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PostPosted: 15 Sep 2006, 14:10 
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Joined: 30 Aug 2006, 10:13
Posts: 1564
Location: The Withers of Wisconsin

Beaver trapping under fire in Fraser Valley
Last Updated: Monday, August 28, 2006 | 12:38 PM PT
CBC News
An anti-trapping group says it's time Langley Township stopped trapping beavers that cause flooding problems in the Fraser Valley community.

The town trapper caught 50 beavers last year, with the township selling the pelts and discarding the carcasses.

George Clements, the 80-year-old head of the Fur-Bearer Defenders, says there are more humane ways of dealing with the animals when they create problems.

"We're constantly moving in and taking away their areas," he said. "And to see beavers playing together is a pure joy."

Clements says the municipality should consider setting up pond levellers that make water too low for beavers to build dams.

He also suggests catching and releasing — a practice no longer endorsed by the provincial government because it causes conflicts with other animals.

But Brad Badelt, an engineer with the township, says when beaver dams flood farms or roads, trapping is the best way to deal with the problem.

"I would say 90 per cent of the township would be fair game for beavers to do what they do, but there are certain areas along roads where it really impacts property and flooding, where it's the only option."

Badelt says rapid development means the beaver's natural predators have moved away from the area, allowing the beaver population to grow.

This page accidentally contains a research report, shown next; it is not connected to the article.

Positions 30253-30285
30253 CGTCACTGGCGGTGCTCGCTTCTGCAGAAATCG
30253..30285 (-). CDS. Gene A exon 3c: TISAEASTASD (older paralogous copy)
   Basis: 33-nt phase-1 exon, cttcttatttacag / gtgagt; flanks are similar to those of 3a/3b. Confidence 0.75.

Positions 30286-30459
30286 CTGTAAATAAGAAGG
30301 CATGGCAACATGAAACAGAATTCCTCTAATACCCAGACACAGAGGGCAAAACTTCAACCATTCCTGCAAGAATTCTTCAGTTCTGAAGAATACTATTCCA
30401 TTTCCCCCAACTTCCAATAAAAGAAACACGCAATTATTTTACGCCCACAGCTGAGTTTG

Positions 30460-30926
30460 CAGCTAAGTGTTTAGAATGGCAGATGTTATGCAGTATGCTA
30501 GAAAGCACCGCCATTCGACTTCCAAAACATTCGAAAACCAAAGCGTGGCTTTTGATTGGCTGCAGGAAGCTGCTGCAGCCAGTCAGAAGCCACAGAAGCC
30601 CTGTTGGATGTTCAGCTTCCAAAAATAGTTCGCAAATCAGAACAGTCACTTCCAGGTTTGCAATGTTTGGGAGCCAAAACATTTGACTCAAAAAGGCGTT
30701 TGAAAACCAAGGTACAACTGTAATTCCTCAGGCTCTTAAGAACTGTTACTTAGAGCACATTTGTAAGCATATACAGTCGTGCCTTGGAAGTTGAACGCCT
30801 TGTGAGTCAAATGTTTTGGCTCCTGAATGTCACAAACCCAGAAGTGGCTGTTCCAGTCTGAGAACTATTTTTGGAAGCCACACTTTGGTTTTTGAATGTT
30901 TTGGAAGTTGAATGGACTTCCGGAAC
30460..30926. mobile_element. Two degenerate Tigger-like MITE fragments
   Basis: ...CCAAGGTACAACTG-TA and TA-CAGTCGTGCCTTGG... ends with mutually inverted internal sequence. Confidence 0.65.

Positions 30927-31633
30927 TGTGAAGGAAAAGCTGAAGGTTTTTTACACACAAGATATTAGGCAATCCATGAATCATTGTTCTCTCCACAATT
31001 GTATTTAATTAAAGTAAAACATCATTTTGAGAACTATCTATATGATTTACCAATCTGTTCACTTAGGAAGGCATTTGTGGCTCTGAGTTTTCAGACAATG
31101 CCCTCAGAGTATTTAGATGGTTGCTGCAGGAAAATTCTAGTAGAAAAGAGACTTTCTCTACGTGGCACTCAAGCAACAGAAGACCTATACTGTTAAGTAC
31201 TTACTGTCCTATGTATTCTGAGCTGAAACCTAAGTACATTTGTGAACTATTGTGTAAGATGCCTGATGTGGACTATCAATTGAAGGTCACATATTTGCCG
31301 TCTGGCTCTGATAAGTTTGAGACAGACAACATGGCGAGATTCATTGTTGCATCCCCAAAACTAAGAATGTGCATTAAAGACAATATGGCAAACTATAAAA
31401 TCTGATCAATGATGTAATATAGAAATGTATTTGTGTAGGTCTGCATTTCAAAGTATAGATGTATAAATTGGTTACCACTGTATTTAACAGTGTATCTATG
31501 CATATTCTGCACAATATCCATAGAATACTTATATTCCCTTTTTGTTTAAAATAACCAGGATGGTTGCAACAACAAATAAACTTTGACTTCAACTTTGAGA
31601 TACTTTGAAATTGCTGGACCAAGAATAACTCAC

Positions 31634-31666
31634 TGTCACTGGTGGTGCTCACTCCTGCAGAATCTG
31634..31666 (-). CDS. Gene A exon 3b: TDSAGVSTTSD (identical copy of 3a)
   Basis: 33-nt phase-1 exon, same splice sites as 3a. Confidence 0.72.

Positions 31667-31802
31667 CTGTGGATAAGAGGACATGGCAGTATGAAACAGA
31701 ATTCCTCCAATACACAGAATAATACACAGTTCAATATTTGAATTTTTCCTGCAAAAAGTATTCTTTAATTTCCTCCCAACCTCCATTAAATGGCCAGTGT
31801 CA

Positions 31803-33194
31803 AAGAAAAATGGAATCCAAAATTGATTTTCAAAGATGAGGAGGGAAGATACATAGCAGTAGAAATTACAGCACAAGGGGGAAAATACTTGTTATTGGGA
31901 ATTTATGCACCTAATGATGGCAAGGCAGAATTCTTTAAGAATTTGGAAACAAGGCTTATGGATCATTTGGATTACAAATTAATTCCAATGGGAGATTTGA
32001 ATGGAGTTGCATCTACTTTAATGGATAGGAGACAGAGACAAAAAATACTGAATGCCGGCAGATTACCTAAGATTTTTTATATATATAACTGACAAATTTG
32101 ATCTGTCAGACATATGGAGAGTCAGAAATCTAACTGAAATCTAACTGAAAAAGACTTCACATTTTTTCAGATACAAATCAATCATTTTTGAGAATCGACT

The municipality is advertising for a new trapper after the former employee retired.

 Post subject:
PostPosted: 15 Sep 2006, 16:40 
My letter to them:

Too many people feel that the harvest of wild animals is cruel and unwarranted. What these people fail to realize is that for us to stop would result in certain death and destruction of an entire species. When an environment's carrying capacity (how many animals an area can hold) is reduced, be it through residential development or agricultural expansion, there must be a way to control populations of wild animals, through trapping, hunting, etc. If there is not, the result is wide spread disease as a result of infighting, territorial disputes and inbreeding. The population will implode. Starvation will insue. And then what? The animals are just going to move away? Not likely.

Massachusetts is a perfect example of what stopping beaver trapping results in. From 1996 to 2001, our beaver population skyrocketed from 24,000 to over 70,000 as a result of a trapping ban. In the past two years, over 5 people, -CHILDREN- died from mosquito borne diseases like West Nile and EEE. Mosquitos come from stangant water. Stagnant water comes from beaver dams.

No species has ever been the victim of extirpation as a result of REGULATED trapping. Stop looking at the tree, back up, and check out the forest people. And ask yourself, who matters more? Your child? Or some rodent?

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